Ancient Kingdom of Colchis

Colchian culture (Georgian: კოლხური კულტურა; 2700 BCE to 700 BCE)[1] is Neolithic, early Bronze Age and Iron Age culture of the western Caucasus, mostly in western Georgia. Colchian culture was divided into two periods: Proto-Colchian (2700–1600 BC) and Ancient Colchian (1600–700 BC). It was partially succeeded by the Koban culture in Northern Caucasus and Colchian influence also spread in Shida Kartli, Meskheti, North-Eastern Anatolia.[2]

According to the professor of archaeologist Antonio Sagona:

The Colchian culture main characteristics are mound and hilltop settlements with wattle-and-daub buildings, black polished and coarse pottery, and evidence of a strong metallurgical tradition. These features continue to a certain extent into the Late Bronze and Early Iron Ages, or the Ancient Colchian period.[3]

It is named after the ancient geographic region of Colchis, which covered a large area along the Black Sea coast. It is mainly known for highly developed bronze production and artistic craftsmanship.[4] There are many items of copper and bronze found in ancient graves. Graves found and studied have been located in the Abkhazia region,[5] the Sukhumi mountain complexes,[6] the Racha highlands where brick tiles and graffiti have been found, and the Colchian plains (კოლხეთის დაბლობი [ka]) where collective graves have been found.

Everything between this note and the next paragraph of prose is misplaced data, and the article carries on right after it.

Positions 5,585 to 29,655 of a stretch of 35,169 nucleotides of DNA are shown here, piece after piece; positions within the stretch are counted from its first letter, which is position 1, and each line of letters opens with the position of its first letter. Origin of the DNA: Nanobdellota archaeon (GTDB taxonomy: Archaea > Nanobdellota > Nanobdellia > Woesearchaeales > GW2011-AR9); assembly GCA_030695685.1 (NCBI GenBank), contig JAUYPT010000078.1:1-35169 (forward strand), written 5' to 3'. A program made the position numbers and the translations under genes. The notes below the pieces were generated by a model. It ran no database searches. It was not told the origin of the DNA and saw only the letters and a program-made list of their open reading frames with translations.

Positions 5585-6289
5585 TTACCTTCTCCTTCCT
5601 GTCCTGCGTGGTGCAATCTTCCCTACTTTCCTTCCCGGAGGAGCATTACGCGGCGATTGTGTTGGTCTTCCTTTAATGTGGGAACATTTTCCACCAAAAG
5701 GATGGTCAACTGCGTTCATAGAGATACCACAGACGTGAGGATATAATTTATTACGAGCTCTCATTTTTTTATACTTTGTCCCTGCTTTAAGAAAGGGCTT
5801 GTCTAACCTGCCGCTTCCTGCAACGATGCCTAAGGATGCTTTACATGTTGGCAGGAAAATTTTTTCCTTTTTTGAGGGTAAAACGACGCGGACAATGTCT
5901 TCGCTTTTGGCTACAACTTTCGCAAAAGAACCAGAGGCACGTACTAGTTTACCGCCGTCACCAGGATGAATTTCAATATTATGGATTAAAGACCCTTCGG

Collective graves occurred during the last stages of the Colchian culture (c.8th century to 6th century BCE). In these graves bronze items were found that represented foreign trade occurred with the Colchian culture. At this time an increase in the production of weapons and agricultural tools is seen. Evidence of copper mining has been found in Racha, Abkhazia, Svaneti, and Adjara.[4][6] Ruins of palaces are present in the Colchian Plains.[7]

Colchian culture is characterized by Colchian axes, sickles, short spears, flat axes, bow-shaped and cylindrical axes, belts, bracelets, bearings, and statuettes. The items are often painted and sometimes even with the sculptural expression expressing the religious ideas of the Colchis. Colchians are the ancestors of the modern day western Georgians, most notably Zans/Chans (ჭანები) - Megrelians and the Laz people, as well as Svans of the northern region of Svaneti in Georgia.

See also


  1. ^ Antonio Sagona - The Archaeology of the Caucasus From Earliest Settlements to the Iron. Page - 450
  2. ^ Antonio Sagona - The Archaeology of the Caucasus From Earliest Settlements to the Iron. Page - 450
  3. ^ Antonio Sagona - The Archaeology of the Caucasus From Earliest Settlements to the Iron. Page - 450
  4. ^ a b Иессен, A (1935). К вопросу о древнейшей металлургии меди на Кавказе [To the question of the oldest copper metallurgy in the Caucasus] (in Russian).
  5. ^ Трапш, M (1962). Памятники колхидской культур в селе Куланурхва Абхазской АССР, Сух [Monuments of Colchian cultures in the village of Kulanurkhwa, Abkhaz ASSR, USSR] (in Russian).
  6. ^ a b კალანდაძე, ა (1953). სოხუმის მთის არქეოლოგიური ძეგლები [Archaeological Monuments of Sokhumi Mountain] (in Georgian).
  7. ^ ქორიძე, დ (1965). კოლხური კულტურის ისტორიისათვის [History of Colchian Culture] (in Georgian).